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April 23, 2019

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Golden Knights’ Game 1 win shows they can hold up in the playoffs

Vegas beats Los Angeles at its own game in front of record number of fans

0411VGK_Kings04

Steve Marcus

Vegas Golden Knights players celebrate a goal by Golden Knights defenseman Shea Theodore (27) during the first period of Game 1 of an NHL hockey first round play-off series against the Los Angeles Kings in T-Mobile Arena Wednesday, April 11, 2018.

Vegas Golden Knights vs LA Kings in Game 1

A sold-out crowd wait for the start of Game 1 of an NHL hockey first-round play-off series with the Vegas Golden Knights against the Los Angeles Kings in T-Mobile Arena Wednesday, April 11, 2018. Launch slideshow »

Those who spent the season saying the Golden Knights weren’t built for the playoffs can trudge barefoot uphill through miles of snow back into their caves and spare everyone the hockey lectures for a while.

Vegas looked plenty ready for the elevated stakes in the first playoff game in franchise history Wednesday night at T-Mobile Arena, beating Los Angeles 1-0 to take a one-game lead in the teams’ Western Conference quarterfinal series.

The Golden Knights won the exact type of game the naysayers said they couldn’t. They prevailed in a grueling, physical battle that featured a staggering 127 hits and six total penalties.

No matter how often the Golden Knights proved themselves and how many expansion-team records they shattered throughout the season, many pointed toward the playoffs as the team's day of reckoning. The doom and gloom only intensified with Vegas struggling to win only one of its final six regular-season games in regulation, despite the fact that all of those games came after it had already locked up the Pacific Division title.

A burlier team like the Kings, they said, would render the Knights’ speedier, aggressive style useless.

It’s time to get out of here with that nostalgic nonsense.

Those opinions will age as well as the quotes that were projected onto the ice pregame at T-Mobile Arena about hockey not working in Las Vegas. The Golden Knights’ production staff also raised their game for the playoffs, firing up the fans with a pregame package that included flashbacks to phrases like, “terrible idea,” and predictions about the team failing in the desert.

The sentiments were particularly laughable in front of a record crowd of 18,479 fans that gave the Golden Knights an invaluable advantage. Much like in their home opener, it felt like the Golden Knights were destined to ride the energy to at least one early goal.

Sure enough, Shea Theodore slapped one past Kings goalie Jonathan Quick in less than four minutes for a score that would ultimately prove enough. At that point in the game, the Kings seemed more concerned about knocking the Golden Knights around than attacking offensively.

Vegas had five Corsi — a measure of every shot sent toward the opponents’ goal — before the Kings had one.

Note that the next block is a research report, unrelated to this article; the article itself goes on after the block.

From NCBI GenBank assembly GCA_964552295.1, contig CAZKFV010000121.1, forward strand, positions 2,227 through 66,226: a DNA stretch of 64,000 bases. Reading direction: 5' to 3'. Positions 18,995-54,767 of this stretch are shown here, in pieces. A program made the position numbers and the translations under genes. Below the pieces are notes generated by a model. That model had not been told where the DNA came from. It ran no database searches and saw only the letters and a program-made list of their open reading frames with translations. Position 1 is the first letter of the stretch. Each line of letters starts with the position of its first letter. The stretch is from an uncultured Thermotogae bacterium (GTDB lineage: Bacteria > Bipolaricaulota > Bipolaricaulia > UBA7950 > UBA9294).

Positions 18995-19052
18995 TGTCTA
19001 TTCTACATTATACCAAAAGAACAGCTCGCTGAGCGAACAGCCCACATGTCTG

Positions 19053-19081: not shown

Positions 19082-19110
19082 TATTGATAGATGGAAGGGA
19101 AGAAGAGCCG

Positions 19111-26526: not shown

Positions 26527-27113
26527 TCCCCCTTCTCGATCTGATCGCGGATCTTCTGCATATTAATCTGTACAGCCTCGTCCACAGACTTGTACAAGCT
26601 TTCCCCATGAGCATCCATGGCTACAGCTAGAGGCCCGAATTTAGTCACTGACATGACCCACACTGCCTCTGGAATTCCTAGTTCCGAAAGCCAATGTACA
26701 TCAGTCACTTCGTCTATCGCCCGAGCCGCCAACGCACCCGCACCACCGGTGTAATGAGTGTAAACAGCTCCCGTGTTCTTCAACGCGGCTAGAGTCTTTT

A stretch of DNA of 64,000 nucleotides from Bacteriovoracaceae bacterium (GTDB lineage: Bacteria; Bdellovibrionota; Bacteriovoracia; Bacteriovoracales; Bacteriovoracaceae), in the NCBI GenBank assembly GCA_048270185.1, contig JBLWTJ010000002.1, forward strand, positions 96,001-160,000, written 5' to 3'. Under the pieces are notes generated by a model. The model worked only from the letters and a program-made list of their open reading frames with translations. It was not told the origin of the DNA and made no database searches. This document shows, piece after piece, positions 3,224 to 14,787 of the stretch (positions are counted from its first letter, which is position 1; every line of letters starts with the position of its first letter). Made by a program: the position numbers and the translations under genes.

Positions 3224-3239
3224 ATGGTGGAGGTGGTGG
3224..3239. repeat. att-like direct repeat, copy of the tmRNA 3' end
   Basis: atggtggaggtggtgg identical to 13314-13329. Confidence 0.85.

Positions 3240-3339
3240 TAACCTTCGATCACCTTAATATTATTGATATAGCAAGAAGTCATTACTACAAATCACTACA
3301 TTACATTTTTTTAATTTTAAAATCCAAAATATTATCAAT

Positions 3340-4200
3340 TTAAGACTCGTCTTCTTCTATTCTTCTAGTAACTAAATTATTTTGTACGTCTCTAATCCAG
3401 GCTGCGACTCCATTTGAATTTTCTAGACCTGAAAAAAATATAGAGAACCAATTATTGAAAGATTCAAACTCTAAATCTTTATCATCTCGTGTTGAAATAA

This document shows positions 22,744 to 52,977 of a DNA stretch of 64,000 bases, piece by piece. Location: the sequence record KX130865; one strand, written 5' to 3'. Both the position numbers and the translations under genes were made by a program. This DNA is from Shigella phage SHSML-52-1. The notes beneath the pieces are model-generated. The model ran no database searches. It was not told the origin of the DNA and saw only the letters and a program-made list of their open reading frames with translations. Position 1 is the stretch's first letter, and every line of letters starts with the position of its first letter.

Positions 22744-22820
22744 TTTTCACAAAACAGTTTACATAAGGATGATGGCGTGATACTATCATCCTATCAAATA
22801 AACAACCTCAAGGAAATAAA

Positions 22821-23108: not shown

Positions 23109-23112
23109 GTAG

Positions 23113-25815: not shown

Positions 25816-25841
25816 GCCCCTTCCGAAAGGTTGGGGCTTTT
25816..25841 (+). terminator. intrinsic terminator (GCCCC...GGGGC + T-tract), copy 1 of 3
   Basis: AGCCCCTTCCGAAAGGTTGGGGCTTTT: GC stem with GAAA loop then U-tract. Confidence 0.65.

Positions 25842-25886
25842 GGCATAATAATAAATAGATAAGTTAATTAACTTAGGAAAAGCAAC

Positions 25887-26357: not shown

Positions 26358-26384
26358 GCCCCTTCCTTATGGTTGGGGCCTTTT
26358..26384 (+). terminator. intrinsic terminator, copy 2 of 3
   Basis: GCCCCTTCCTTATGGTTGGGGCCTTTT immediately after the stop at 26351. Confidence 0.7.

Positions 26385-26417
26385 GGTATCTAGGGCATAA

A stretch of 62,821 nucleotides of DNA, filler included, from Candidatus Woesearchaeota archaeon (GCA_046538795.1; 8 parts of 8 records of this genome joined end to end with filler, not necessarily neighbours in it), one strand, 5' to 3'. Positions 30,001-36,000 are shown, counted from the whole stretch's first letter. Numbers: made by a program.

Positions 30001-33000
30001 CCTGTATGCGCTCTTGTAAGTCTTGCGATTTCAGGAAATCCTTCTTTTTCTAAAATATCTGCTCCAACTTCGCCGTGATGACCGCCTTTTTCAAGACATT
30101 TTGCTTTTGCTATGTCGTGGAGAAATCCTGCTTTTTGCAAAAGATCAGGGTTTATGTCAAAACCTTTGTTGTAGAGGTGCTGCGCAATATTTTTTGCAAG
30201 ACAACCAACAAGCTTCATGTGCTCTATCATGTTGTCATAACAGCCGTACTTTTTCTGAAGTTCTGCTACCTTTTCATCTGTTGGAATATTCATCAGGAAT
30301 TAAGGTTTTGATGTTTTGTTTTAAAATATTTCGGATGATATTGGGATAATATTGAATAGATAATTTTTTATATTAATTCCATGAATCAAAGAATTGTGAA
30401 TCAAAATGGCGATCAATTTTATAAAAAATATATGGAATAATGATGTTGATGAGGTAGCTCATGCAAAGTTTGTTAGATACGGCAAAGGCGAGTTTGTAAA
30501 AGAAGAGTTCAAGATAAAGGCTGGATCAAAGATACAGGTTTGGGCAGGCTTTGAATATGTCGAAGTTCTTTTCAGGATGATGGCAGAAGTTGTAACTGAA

It flipped in the second period, when the Kings got an early second and then third power play. They peppered Golden Knights goalie Marc-Andre Fleury with shots, but the three-time Stanley Cup champion repeatedly held up.

Everyone discounting the Golden Knights’ playoff prospects must have forgotten about the Fleury luxury.

The Golden Knights didn’t get beat up, either. The Kings came out with only a slight edge, 68-59, in the hits department.

The difference was, Vegas appeared to ramp up the physicality when it made sense. Conversely, Los Angeles sometimes appeared to border on a team of goons with players like Kyle Clifford attempting to bully the Golden Knights for no apparent benefit.

The cries of Vegas’ size and strength shortcomings are certain to get a second wind when the Kings inevitably trip up the Golden Knights at some point in the series. These teams are too closely contested — they’re now tied at 11 goals apiece in five combined games against each other this season — for a sweep.

Even if the Kings manage to win four of the next six games and end the Golden Knights’ season prematurely, however, it won’t be because of a dilapidated ideal on toughness. It’s a revolutionary era across all sports, and time to get away from the past.

The Philadelphia Eagles just won the Super Bowl throwing the ball 43 times with a backup quarterback, not controlling the clock with their run game. The Golden State Warriors have run roughshod over the NBA without any semblance of a traditional big man patrolling the paint. The Houston Astros won the most recent World Series with a lineup of young hitters, not trusty veterans.

That’s not to say the Golden Knights will win the Stanley Cup in their first try. It’s just to say that their newer-age approach won’t play any part in precluding them from doing so.

It got off to a pretty decent start in Game 1 against the Kings.

Case Keefer can be reached at 702-948-2790 or [email protected]. Follow Case on Twitter at twitter.com/casekeefer.

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